Right time to Harvest
Harvesting at the right time can be just as important as planting
There is a point of maturity in a vegetable where taste is at it prime, either in sweetness or texture and also for its defense mechanism against diseases and insects. This is the right time to harvest.
Sometimes the vegetable looks so beautiful that you don’t even want to harvest it, or maybe you planted so much that you want to wait a week or two, or you have been harvesting all along until they eventually bolt. Depending on these circumstantial aspects and on what plant it is, it may work to wait. But, for many vegetables, once it’s time for harvesting, it’s best to do so right away.
A few examples to help clarify my point.
Let’s take lettuce or mesclun mix, which contains various types of lettuce (oakleaf, red lettuce, black seeded Simpson, Lollo Rossa, arugula, radicchio and some other greens like kale, Chinese greens, beet greens, etc., depending on the producer).
- Lettuce will grow very nicely when the temperatures are cool, and you can harvest for about two to three months until it gets really hot.
- If you planted it a bit late, it will come to full size relatively fast.
Once it reaches maturity, is the right time to harvest – especially the lettuce, as it will start to grow upward. This is called bolting. Once it bolts, the leaves become bitter in taste and not really edible. By waiting, you may lose your crop.
The same will happen with mustard greens. They can tolerate a bit more heat but the taste will be stronger. Real mustard taste is hot. Eventually, it will flower. https://www.gardeningtheorganicway.com/vegetables/growing-lettuce-greens-organically/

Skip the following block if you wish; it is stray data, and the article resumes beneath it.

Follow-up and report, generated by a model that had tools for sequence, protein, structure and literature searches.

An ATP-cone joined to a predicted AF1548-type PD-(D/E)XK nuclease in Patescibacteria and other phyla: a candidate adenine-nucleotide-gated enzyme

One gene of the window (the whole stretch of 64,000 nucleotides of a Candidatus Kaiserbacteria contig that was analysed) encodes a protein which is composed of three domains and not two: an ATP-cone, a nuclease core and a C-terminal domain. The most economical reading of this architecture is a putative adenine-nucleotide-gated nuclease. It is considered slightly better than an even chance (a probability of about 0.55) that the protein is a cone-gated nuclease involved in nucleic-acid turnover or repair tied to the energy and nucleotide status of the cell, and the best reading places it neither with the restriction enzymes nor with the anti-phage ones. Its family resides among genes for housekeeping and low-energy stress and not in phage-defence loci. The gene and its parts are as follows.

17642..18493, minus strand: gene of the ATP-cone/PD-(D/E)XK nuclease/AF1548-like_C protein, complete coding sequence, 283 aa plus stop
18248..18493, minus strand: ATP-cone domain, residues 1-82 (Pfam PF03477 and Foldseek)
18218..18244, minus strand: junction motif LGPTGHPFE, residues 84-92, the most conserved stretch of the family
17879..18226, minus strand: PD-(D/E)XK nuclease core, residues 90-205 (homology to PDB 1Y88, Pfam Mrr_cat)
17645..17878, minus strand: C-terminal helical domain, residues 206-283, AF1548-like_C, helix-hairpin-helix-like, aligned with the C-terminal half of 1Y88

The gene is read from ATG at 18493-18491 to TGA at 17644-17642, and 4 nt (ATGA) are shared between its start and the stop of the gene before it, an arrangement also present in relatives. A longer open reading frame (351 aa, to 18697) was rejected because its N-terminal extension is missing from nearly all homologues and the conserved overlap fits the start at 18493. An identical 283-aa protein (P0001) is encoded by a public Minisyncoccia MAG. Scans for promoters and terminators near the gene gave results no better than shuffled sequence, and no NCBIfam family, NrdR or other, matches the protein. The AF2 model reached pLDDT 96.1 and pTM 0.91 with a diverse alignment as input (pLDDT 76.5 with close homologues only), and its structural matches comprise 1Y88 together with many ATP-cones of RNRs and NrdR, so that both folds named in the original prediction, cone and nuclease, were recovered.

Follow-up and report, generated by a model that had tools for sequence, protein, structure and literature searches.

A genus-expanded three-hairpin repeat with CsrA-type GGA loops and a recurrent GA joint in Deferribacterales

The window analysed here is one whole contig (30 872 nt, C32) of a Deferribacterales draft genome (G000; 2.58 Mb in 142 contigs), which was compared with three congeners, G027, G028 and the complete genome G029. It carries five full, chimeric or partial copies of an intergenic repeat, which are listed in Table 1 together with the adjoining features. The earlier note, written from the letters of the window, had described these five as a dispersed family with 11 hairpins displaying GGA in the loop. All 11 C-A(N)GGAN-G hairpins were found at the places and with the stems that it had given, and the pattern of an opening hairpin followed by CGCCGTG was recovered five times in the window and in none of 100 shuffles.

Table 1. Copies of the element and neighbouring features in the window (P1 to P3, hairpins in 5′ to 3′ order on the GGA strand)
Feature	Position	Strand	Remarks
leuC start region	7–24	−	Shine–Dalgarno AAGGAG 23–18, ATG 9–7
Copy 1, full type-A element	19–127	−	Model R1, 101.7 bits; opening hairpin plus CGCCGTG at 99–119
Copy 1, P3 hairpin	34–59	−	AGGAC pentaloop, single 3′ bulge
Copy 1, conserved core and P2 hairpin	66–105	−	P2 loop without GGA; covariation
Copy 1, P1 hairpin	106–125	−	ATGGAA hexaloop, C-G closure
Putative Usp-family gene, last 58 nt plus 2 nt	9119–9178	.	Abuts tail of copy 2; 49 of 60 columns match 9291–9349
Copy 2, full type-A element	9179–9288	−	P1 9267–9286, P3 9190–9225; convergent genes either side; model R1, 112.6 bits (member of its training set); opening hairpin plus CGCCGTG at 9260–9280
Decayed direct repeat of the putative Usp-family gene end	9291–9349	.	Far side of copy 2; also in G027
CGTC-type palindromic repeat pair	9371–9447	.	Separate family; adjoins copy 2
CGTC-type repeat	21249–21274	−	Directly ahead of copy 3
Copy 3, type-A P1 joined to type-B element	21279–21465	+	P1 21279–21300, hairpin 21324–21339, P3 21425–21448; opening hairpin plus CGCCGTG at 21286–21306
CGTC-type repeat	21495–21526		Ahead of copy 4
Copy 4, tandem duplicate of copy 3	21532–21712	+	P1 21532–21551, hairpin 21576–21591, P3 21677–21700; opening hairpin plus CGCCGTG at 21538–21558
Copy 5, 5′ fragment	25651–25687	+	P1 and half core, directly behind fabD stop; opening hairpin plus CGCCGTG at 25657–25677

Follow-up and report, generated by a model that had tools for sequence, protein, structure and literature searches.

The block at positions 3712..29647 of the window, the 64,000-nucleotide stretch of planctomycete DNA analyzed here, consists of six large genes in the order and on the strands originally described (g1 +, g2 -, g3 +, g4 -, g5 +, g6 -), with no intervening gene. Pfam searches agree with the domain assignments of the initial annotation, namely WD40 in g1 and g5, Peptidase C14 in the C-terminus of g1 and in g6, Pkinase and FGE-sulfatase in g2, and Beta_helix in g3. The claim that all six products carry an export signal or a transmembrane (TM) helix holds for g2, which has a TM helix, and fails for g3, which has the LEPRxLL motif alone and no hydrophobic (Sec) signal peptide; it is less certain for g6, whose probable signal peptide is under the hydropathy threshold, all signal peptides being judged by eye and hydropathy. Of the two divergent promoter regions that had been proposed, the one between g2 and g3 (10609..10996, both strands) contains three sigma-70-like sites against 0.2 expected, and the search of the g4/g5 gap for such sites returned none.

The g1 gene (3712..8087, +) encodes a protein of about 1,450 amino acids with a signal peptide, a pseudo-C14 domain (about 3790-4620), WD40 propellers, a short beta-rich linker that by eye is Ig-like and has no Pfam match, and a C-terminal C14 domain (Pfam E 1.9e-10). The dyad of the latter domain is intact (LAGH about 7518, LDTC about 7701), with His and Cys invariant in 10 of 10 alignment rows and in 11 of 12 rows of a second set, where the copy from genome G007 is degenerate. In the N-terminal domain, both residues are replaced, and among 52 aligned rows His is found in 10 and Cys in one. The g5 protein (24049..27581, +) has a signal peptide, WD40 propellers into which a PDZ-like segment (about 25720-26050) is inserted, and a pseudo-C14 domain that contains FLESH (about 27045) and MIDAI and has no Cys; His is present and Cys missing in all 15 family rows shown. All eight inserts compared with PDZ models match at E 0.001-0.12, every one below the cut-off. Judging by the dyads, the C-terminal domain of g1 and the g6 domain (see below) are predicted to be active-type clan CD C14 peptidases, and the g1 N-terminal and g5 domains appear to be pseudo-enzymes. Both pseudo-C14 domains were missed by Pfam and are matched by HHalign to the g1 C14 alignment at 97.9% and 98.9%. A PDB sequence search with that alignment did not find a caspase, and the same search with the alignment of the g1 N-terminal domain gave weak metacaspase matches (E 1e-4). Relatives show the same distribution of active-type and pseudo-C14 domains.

Radishes will stay in the ground a bit more but, at some point, if they are not harvested, they will split or get woody so they can’t be eaten, and they will also go to flower. Once they flower, the root will have become woody.
To learn a greater understanding about these topics purchase my book ‘Garden the Organic Way’ https://gardentheorganicway.etsy.com
Another way to lose a crop is when you wait too long.
- Despite having a row cover, I still found some caterpillars in my garden.
- I harvested a large amount of kale and decided to wait another week or two before harvesting the rest. I did notice that I had found some imported cabbage worms, cabbage loopers, and a few cross-striped cabbage worms in the patch. I went through the whole patch and looked for them, killing everything I found.
- A word of warning, you never get them all. Sure enough, I came back to leaves that were totally
eaten and lots and lots of caterpillars that were quite big and well fed. I lost around half my crop. I should have known better and harvested the kale to freeze it.
- Once you see an infestation, it is best to pull everything, unless you are willing to spray and be on top of the situation every day. I knew I was going to be away, so it was a bad call on my part. https://www.gardeningtheorganicway.com/maintenance/insects-and-diseases/controlling-pest-in-garden/
Thankfully, I did find some carrot fly maggots on my carrots, and quickly harvested the whole crop before it spread anymore, which would mean I’d just be feeding the maggots!